Sunday, October 23, 2011

The Poem Saga

Sometimes I like to go back and revisit what I've written in the past and share them with you, dear readers. I send out this one tonight in dedication to what I am becoming, and the past that I am starting to learn never lies dormant.

I have left this piece almost entirely how it was when I wrote it last year for a creative writing class. It's one of my favorites because for me, writing is about moving on. When I can write about something, I am leaving it behind.

I didn't leave this one entirely behind, though that is a story for a different entry. Until then, enjoy a little piece of how I crafted words just under a year ago. I dedicate this to those who inspired it, and to the artist I was, and the one I am becoming

The Last Poem (Or My First Experience With Mortification)

It was the last official poem I wrote- in rereading it later, I realized that it was so awful, I would need to seek professional help before writing a poem again, especially if I wanted to call it such. Oh, there have been song lyrics since, and cute messages in cards, but nothing that I would ever try to pass off as actual poetry. As a matter of fact, I have worked hard to keep my written talents as far from being associated with poetry as I possibly can. Because I am afraid that if anyone hears these two in conjunction, they will find it.
Because that last poem, that last awful expression of prose and my soul, is also the first time I was published.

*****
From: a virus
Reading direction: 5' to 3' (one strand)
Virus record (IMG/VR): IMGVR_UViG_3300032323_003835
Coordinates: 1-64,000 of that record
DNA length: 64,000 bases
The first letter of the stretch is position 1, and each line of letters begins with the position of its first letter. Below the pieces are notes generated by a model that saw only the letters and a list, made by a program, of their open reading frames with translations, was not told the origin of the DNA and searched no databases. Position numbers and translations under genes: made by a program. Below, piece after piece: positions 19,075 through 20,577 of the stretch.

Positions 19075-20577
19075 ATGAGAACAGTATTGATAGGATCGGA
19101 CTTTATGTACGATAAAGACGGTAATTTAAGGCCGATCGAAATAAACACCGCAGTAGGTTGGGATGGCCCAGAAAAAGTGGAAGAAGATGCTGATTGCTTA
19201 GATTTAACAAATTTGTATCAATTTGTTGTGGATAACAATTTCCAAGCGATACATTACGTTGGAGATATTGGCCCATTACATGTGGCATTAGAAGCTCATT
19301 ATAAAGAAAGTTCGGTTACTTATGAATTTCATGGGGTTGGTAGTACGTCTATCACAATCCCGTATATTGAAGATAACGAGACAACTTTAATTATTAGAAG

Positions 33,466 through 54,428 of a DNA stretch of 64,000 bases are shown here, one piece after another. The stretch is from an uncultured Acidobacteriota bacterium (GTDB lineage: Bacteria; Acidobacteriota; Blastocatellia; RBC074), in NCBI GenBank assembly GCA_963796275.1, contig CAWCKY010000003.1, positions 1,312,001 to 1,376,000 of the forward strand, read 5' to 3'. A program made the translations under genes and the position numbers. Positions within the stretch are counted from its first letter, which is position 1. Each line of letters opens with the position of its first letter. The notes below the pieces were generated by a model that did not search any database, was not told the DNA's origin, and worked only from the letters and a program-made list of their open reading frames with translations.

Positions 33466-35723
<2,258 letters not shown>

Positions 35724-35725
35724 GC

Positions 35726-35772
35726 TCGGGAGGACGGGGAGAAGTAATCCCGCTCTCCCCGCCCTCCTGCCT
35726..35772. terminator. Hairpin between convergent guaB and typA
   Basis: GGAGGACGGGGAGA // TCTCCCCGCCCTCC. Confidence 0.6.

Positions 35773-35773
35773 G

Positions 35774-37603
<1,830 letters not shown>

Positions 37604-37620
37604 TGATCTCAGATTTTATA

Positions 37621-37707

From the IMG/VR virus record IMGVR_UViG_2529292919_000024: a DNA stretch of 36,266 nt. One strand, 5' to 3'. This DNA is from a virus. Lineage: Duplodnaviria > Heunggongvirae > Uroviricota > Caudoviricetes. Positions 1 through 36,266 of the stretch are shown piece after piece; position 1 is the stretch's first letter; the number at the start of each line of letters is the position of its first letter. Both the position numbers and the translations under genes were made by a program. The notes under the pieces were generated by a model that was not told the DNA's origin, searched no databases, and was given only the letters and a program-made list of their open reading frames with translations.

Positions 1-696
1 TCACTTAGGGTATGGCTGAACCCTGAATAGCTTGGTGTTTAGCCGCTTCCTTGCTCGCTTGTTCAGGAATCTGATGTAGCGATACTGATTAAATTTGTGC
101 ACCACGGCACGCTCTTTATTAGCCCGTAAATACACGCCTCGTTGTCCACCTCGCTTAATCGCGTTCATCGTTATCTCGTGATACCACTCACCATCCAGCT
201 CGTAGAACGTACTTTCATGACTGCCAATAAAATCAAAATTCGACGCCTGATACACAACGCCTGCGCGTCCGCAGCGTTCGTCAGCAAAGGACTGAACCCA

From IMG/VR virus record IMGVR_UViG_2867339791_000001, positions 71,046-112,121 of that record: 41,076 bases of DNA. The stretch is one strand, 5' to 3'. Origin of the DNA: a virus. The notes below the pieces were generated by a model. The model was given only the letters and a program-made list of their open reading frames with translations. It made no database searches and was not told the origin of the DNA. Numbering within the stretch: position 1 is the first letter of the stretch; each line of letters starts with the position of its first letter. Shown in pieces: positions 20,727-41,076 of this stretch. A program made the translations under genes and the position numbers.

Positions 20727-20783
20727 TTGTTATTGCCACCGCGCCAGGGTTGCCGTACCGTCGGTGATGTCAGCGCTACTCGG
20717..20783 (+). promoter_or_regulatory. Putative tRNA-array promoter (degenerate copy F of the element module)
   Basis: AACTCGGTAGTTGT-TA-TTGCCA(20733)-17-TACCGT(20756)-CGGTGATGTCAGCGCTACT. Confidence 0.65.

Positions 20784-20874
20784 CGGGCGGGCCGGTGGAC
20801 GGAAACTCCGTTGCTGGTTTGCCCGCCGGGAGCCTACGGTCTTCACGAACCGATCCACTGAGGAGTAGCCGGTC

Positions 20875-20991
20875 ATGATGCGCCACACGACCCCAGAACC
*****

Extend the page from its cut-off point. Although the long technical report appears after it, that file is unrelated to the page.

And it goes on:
At the time when I wrote it, I had just broken the heart of the first boy to ever care for me (with the exception of my father and my best friend, but that was a much different kind of thing). I was suffering from the melancholy and regret that comes from knowing that you’ve wounded a friend, a confidant, and an all over sweet soul. The guilt wasn’t so bad, most of the time, but it came spinning in with the scent of Macintosh Apples, the kind of smell they bottle up and sell as pillow sprays and car fresheners at Yankee Candle. The aroma sent me back to the first time we spent together, in the mall, smelling those candles and laughing, and despite my deep commitment to the idea of moving on, that he was the wrong guy, they always took me right back to his arms.
So I sat down and threw my feelings into verses, desperately trying to capture the emotions spinning around within my heart. And in what I believed to be a logical move, I submitted my work to a poetry contest, where the top three winners won monetary prizes, and the top 100 were published in a coffee table book.